Hiding in Plain Sight: The Lost Doctrine of Sin ~ Simeon Zahl from Mockingbird on Vimeo.

Hiding in Plain Sight: The Lost Doctrine of Sin – Simeon Zahl

Another wonderful talk from this year’s NYC conference: theologian  Simeon Zahl examines the inconvenient but foundational doctrine of sin.

Hiding in Plain Sight: The Lost Doctrine of Sin ~ Simeon Zahl from Mockingbird on Vimeo.

Hopelessly Devoted: John Chapter Sixteen Verses Seven through Fifteen

Hopelessly Devoted: John Chapter Sixteen Verses Seven through Fifteen

We hope it was a fantastic Labor Day off yesterday. Here’s this morning’s devotion, from Simeon Zahl. 

“Nevertheless I tell you the truth: it is to your advantage that I go away, for if I do not go away, the Advocate will not come to you; but if I go, I will send him to you. And when he comes, he will convict the world of sin and righteousness and judgment…” (John 16:7-15, NRSV)

In this chapter of John’s Gospel, Jesus is explaining to the disciples why it is better for him to go away than to stay. We can all relate to…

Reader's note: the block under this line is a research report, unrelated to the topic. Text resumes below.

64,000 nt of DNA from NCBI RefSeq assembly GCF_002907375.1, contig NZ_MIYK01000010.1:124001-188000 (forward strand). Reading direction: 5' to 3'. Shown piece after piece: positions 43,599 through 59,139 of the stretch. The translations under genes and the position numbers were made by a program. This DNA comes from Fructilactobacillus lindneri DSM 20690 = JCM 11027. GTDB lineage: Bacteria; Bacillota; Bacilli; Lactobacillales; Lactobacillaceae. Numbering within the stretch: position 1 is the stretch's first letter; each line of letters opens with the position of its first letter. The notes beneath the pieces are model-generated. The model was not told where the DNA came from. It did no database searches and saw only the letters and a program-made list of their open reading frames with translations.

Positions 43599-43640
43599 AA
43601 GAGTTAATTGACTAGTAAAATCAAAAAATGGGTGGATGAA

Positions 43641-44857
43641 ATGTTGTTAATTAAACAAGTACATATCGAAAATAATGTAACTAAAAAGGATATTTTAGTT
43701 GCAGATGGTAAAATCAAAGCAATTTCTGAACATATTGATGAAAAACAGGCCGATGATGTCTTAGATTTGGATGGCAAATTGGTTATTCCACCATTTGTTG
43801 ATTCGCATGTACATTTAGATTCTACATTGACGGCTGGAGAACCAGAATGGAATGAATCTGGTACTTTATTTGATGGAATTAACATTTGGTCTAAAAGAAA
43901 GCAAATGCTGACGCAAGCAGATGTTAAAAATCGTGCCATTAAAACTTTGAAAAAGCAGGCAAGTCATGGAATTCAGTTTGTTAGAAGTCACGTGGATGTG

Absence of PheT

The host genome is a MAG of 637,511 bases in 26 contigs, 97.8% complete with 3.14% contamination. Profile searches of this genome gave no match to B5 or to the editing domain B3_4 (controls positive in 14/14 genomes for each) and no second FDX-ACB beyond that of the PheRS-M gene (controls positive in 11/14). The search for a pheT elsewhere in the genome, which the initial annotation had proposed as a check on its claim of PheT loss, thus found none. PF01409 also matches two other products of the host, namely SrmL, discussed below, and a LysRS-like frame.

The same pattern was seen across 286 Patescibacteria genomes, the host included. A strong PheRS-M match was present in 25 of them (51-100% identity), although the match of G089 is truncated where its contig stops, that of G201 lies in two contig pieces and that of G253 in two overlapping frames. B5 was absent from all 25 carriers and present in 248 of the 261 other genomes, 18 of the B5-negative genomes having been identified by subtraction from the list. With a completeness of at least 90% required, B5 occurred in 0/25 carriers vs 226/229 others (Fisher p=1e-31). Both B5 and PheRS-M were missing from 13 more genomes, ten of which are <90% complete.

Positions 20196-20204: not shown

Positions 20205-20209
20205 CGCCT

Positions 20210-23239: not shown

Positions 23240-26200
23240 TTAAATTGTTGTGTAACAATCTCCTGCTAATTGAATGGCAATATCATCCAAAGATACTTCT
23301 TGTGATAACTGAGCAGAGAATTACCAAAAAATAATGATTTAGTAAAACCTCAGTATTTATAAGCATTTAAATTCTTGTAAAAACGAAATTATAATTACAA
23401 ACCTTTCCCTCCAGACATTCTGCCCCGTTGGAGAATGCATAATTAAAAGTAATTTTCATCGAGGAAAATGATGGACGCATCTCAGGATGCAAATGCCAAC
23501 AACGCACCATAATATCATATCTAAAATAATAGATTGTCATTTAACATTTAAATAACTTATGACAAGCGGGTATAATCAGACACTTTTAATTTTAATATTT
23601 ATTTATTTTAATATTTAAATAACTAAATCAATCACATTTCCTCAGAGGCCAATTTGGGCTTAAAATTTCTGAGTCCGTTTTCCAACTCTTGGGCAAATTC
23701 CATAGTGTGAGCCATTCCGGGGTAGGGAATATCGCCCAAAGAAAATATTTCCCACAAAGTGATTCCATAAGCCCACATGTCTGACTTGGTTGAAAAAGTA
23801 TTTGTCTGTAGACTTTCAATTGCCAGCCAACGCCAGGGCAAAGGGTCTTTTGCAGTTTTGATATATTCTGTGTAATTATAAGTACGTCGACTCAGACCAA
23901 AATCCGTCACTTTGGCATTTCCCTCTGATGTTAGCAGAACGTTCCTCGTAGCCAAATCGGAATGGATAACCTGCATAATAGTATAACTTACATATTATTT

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The Spirit of Play (and the Lack of Self-Addressed Envelopes)

The Spirit of Play (and the Lack of Self-Addressed Envelopes)

A beautiful section from pages 183-184 of the new book by theologian Nimi Wariboko, entitled The Pentecostal Principle. Contains more than a few echoes of a recent post on ‘play to order and the gamification of parenting’, not to mention the talk Simeon Zahl gave at our NYC Conference way back in 2010. Brackets are ours, but parentheses are from the text:

“Grace is a negation of work. But play is its style of negation… The greatest proof of divine graciousness is that grace is repeated again and again. For those under grace, for every act, every day it is available….

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Hopelessly Devoted: Psalm Chapter Fifty One Verse Twelve

Hopelessly Devoted: Psalm Chapter Fifty One Verse Twelve

This morning’s devotion comes from Simeon Zahl.

Restore to me the joy of your salvation, and sustain in me a willing spirit. (Psalm 51:12, NRSV)

The psalmist brings two things to bear here:

First, it is okay to ask God for joy. Joy is good. The reality of sin and of human limitations, and the truth of the cost of atonement, are no excuse for being grim and boring. Quite the reverse! Secure in God and His salvation, the true and natural way is to laugh at ourselves and at this world, and to seek and find the joy in it. God’s world…